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His heroes have always been cowboys. And crooners.
Willie Nelson may be country music’s most enduring and colorful outlaw, but the genre is too confining for the singer’s nomadic creative spirit and deep appreciation for tradition, particularly the Great American Songbook.
His new album, My Way, salutes the late Frank Sinatra with 11 songs that Ol’ Blue Eyes popularized during his heyday. Nelson, 85, lacks Sinatra’s range and impeccable phrasing, but he effectively delivers these familiar refrains his way, with saloon ease and a warm, ragged twang.
Arriving today, less than five months after mortality-themed Last Man Standing, My Way is Nelson’s second album this year, his 12th since signing with Legacy Recordings in 2012 and, remarkably, the 68th studio album of his career.
And it’s not his first rodeo in the standards arena. Nelson helped kick-start the trend of issuing pop standards collections when he released the huge-selling Stardust in 1978. Similar sets followed, including Somewhere Over the Rainbow (1981), What a Wonderful World (1988), Nacogdoches (2004), American Classic (2009) and Summertime: Willie Nelson Sings Gershwin (2016).
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Nelson initially made a mark penning hits for others (Ray Price’s “Night Life,” Patsy Cline’s “Crazy,” Roy Orbison’s “Pretty Paper"), then found stardom with his landmark 1975 album, Red Headed Stranger.
Since then, Nelson has been all over the map, immersing himself in gospel (1976’s The Troublemaker) and reggae (2005’s Countryman), toasting other artists (1979’s Willie Nelson Sings Kristofferson, 2006’s You Don’t Know Me: The Songs of Cindy Walker, 2016’s For the Good Times: A Tribute to Ray Price), and collaborating with blues acts (2000’s Milk Cow Blues) and pop stars (2002’s The Great Divide).
The Sinatra tribute comes as no surprise, considering the two were fast friends who praised each other’s vocal abilities. In light of their clashing lifestyles — Western swing’s braided, hippie pothead versus traditional pop’s tuxedoed bourbon-swilling Rat Packer — such camaraderie seems implausible.
Sinatra dubbed Nelson his favorite singer after hearing Stardust and even served as his opening act at the Golden Nugget in Las Vegas in 1987.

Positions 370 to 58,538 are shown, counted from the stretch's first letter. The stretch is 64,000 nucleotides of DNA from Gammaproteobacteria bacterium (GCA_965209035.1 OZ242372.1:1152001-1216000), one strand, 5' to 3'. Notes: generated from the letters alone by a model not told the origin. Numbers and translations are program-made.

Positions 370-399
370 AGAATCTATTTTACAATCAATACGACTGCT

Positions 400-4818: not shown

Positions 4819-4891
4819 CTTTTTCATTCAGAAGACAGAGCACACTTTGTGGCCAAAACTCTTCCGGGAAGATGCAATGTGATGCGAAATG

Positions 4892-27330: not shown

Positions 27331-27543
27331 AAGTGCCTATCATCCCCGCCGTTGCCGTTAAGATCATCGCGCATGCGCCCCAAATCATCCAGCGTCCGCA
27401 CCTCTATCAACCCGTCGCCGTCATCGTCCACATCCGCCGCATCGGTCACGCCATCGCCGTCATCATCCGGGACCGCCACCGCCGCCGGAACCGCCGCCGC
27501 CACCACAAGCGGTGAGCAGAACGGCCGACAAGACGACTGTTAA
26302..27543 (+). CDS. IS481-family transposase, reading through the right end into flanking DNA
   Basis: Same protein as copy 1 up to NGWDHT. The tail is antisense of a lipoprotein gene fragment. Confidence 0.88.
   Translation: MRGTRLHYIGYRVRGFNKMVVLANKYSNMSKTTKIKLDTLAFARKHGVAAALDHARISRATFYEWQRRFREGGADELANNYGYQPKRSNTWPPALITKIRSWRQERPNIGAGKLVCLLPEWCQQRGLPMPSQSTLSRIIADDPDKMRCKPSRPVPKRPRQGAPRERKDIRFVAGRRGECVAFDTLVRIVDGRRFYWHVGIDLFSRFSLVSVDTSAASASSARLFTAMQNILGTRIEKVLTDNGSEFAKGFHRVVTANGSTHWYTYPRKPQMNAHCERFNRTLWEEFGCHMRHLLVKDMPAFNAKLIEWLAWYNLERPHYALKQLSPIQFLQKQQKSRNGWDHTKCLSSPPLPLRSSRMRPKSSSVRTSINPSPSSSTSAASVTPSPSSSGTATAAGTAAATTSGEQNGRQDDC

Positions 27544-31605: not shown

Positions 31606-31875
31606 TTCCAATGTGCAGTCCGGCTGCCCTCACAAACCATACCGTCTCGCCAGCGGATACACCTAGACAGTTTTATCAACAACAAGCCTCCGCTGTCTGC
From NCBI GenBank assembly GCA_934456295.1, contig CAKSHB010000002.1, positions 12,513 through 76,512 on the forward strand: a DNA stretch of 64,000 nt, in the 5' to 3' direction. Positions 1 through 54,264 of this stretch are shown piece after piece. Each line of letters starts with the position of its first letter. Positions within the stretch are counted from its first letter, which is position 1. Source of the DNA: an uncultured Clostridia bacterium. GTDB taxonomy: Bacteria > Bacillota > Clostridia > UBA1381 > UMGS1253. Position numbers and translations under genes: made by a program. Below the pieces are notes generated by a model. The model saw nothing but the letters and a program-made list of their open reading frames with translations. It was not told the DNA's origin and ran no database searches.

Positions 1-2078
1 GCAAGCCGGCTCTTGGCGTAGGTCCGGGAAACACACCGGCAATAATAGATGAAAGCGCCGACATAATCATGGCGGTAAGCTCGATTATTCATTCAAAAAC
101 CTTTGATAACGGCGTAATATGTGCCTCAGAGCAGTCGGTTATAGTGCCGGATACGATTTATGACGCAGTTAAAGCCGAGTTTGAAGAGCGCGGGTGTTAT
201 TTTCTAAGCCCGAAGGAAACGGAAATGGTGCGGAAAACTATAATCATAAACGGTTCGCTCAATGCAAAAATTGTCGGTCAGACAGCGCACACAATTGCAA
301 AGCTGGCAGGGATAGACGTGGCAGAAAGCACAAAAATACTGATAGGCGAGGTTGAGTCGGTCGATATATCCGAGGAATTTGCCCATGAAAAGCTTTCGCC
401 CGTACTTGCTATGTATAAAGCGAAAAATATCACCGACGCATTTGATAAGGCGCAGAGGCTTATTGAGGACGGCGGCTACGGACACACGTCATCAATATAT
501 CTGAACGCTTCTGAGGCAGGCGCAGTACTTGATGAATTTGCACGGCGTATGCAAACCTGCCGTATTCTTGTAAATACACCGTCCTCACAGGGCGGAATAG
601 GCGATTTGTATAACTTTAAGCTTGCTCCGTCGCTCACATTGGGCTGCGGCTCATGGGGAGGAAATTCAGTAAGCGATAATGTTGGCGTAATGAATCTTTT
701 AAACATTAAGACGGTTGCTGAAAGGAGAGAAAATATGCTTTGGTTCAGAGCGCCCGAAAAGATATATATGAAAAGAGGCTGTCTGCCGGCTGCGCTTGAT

The same year, the pair appeared in public service announcements promoting research for NASA’s Space Foundation. Nelson sang “A Foggy Day” with Sinatra on the crooner’s last studio album, 1994’s Duets II, and their previously unreleased duet of “My Way” appeared on a collector’s edition in 2005.
It’s a safe bet that the Chairman of the Board, who died at age 82 in 1998, would have given Nelson’s new album a thumbs-up. The mellow My Way adds little to Nelson’s canon and makes no pretense at pushing boundaries, but his low-key, openhearted approach imbues the songs with homespun charm, a welcome contrast to the histrionics and drama applied to retro projects by younger artists.
Produced by Buddy Cannon and Matt Rollings, My Way marinates in velvety string and horn arrangements. The songs primarily dwell on romance and heartbreak — sentiments that gain greater emotional resonance, given Nelson’s age and the quiver in his weathered voice.
He brings an aching melancholy to “One for My Baby (And One More for the Road)” and the first single, “Summer Wind” (available as a video on YouTube’s Vevo channel). “It Was a Very Good Year” is wistful and bittersweet. The energy picks up on Nelson’s carefree “Fly Me to the Moon,” as well as his animated takes on “A Foggy Day” and “Blue Moon.” Norah Jones joins him on a breezy, albeit forgettable, “What Is This Thing Called Love?"
As for “My Way,” a song so overdone and abused over the years that it’s now largely comedy fare, Nelson manages to rescue it with grace and credibility. He and Sinatra may not have shared wardrobe preferences, but both found a personal code in Paul Anka’s plucky lyrics.